So, what are you thoughts on this? Comment below.


  • Dr Noel Rousseau

    Really interesting results! Why do golfers obsess on the putting stroke when it is so mechanically simple? To many missed putts are put down to stroke error when in fact, it goes a lot deeper. What appears like a stroke error typically emanates in some form of mental glitch. The cognitive skills involved in a breaking putt are little understood and much overlooked. This is why a commitment to ‘around the hole’ drills as part of the an ongoing regime is paramount to developing effective putting. It’s the cognitive skills that are honed during this time.

    In my opinion, these are some of the skills and internal strategies that develop through such practice.
    Being able to choose a line and commit to it while ‘finding’ the corresponding pace requires

    *Mindfulness of task – being able to hold the intended line and the hole in working memory.
    *Commitment – to the chosen line.
    *Attention on line and hole and NOT on the stroke mechanics.
    *Peripheral vision

    • admin

      Top comment as always Noel

  • Jack B. Erhart

    Great stuff Adam. But the answer being found only on your practice manual seems to be a bit arm twisting. But I understand that you, like most all others that do these instructional post do so to sell product. Wonder if there is anyone out there that just wants people to really just play better golf.

    • admin

      Jack – I am not saying the answer is only in my manual – I am simply explaining the results of a study – which relate strongly to some motor learning principles (namely procedural versus declarative knowledge).

      The results of the study, which was conducted long before I wrote The Practice Manual, simply guided me in my beliefs and philosophy.

      If I just wanted to sell a product, it would be easier to sell something more tangible (as people like that). As easy as it would be to do that, this study is a more honest look at the realities. So, in fact, yes, I am trying to get people to play better golf. Maybe you are questioning the wrong party here – I am the one who is saying it is not so clear cut as “X + Y = Z”.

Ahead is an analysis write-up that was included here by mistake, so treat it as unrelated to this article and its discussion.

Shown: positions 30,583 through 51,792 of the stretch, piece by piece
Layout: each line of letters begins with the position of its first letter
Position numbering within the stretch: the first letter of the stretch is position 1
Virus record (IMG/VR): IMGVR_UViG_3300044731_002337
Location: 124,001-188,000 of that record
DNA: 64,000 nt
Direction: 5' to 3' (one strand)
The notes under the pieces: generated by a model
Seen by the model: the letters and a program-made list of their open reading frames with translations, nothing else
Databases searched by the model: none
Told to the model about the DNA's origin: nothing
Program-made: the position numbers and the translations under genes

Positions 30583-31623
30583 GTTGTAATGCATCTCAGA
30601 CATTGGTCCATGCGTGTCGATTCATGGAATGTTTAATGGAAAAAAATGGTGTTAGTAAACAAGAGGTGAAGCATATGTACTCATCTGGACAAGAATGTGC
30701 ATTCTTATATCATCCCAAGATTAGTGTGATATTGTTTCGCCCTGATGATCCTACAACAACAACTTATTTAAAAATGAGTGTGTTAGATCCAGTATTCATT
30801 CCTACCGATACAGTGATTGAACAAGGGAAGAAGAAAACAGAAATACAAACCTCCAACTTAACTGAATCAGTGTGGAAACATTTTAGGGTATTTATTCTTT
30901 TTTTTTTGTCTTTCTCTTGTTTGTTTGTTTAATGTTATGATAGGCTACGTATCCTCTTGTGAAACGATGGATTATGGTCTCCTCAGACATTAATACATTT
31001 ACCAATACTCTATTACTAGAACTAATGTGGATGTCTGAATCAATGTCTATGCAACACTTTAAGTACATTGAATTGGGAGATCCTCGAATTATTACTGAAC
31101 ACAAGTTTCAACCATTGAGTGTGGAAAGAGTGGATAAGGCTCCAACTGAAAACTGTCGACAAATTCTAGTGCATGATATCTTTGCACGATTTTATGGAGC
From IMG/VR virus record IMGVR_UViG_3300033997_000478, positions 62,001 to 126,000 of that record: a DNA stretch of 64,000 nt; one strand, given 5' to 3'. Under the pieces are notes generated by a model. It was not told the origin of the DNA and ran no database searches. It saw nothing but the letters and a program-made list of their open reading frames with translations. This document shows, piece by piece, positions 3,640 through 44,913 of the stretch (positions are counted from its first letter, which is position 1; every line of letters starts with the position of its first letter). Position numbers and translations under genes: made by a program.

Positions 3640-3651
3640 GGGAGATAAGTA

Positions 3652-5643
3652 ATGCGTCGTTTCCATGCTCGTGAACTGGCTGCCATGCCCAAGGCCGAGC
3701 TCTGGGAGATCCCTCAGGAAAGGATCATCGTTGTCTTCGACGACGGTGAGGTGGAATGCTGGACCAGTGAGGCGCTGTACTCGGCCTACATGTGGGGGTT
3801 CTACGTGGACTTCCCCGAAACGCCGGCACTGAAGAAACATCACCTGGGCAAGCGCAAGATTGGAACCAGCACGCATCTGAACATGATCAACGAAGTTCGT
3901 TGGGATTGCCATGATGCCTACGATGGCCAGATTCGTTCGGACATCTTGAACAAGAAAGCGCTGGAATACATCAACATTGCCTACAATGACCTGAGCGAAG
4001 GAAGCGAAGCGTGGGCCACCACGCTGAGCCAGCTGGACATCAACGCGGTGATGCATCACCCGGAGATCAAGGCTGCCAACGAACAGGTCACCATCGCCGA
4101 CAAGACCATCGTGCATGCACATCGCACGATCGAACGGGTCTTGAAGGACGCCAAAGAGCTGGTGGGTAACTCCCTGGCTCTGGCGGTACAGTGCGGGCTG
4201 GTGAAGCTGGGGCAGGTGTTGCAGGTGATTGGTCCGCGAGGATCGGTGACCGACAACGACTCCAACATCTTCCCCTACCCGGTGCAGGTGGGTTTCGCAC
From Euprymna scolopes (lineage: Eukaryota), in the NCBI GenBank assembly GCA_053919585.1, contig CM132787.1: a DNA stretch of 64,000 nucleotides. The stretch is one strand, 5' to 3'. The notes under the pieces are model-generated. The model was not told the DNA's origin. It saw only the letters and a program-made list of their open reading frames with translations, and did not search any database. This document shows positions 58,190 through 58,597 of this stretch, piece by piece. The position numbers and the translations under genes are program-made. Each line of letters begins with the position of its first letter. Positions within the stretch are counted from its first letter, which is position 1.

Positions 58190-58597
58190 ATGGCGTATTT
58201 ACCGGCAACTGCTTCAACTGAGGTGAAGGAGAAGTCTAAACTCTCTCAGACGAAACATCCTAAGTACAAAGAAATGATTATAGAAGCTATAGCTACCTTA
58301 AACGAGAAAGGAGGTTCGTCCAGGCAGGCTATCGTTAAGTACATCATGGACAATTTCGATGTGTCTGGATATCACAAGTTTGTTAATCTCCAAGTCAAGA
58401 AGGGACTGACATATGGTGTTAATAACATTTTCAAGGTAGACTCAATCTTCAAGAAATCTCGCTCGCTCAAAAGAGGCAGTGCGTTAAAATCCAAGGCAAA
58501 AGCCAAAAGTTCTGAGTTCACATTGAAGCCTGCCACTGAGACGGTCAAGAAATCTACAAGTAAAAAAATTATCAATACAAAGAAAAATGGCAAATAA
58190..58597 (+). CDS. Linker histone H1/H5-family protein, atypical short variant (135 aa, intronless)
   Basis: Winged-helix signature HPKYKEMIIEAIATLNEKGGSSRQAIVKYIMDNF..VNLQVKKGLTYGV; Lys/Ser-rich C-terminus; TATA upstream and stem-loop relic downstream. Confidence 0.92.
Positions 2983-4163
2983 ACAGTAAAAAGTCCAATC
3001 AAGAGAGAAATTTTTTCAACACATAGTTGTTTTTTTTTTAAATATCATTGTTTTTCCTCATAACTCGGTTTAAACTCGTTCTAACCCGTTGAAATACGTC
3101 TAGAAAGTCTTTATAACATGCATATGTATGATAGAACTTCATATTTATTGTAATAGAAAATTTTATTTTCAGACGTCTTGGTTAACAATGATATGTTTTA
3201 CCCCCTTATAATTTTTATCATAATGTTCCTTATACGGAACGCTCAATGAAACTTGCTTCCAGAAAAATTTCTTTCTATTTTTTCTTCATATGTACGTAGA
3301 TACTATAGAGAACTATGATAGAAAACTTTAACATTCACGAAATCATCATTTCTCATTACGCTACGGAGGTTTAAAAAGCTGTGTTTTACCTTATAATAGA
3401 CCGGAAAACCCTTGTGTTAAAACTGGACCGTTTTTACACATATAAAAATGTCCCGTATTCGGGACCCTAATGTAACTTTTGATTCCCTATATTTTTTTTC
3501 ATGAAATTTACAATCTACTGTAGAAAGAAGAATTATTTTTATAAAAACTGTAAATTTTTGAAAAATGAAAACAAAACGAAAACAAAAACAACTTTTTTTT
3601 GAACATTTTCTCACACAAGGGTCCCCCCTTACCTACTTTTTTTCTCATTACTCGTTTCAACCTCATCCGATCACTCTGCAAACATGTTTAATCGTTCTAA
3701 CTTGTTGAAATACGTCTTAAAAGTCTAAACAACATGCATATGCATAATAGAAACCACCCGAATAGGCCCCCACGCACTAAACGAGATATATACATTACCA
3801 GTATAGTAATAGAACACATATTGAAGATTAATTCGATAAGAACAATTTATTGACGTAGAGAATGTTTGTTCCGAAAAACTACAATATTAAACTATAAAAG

• Jack B. Erhart

    Thanks for clarifying that Adam. Much appreciated.

  • Markus

    Adam, it may worth to try another approach. Check the near area around the hole and determine the final 3-4 feet how the ball should role into the hole depending on the given break.
    Go away to the starting point and ‘see’ (Jack Nicklaus : I holed every put in my imagination before I put) the ball go in. Downhill the ball slips slightly in the hole, uphill it runs into the back of the hole. See the ball roll in.
    Simply let it go. Results are amazing.

  • Yang

    I have the same idea with you but you express it in a more acceptable way . Great job!

  • Brad Brewer

    I have been fortunate to have three friends whom are considered some of golfs greatest putters, Arnold Palmer, Ian Baker-Finch and Brad Faxon. They have all given me similar advice with putting. Read the speed and feel the rhythm of your putter before you see your line. Because speed dictates line. The other key to their success is that this process engages right brain thinking and procedural memory vs swimming in the deep pool of left brain analytical thinking. When good players come to me with putting issues it begins with calming down their left brain knot. When you learn to visualize, feel and trust what you see the subconscious genius creates amazing success.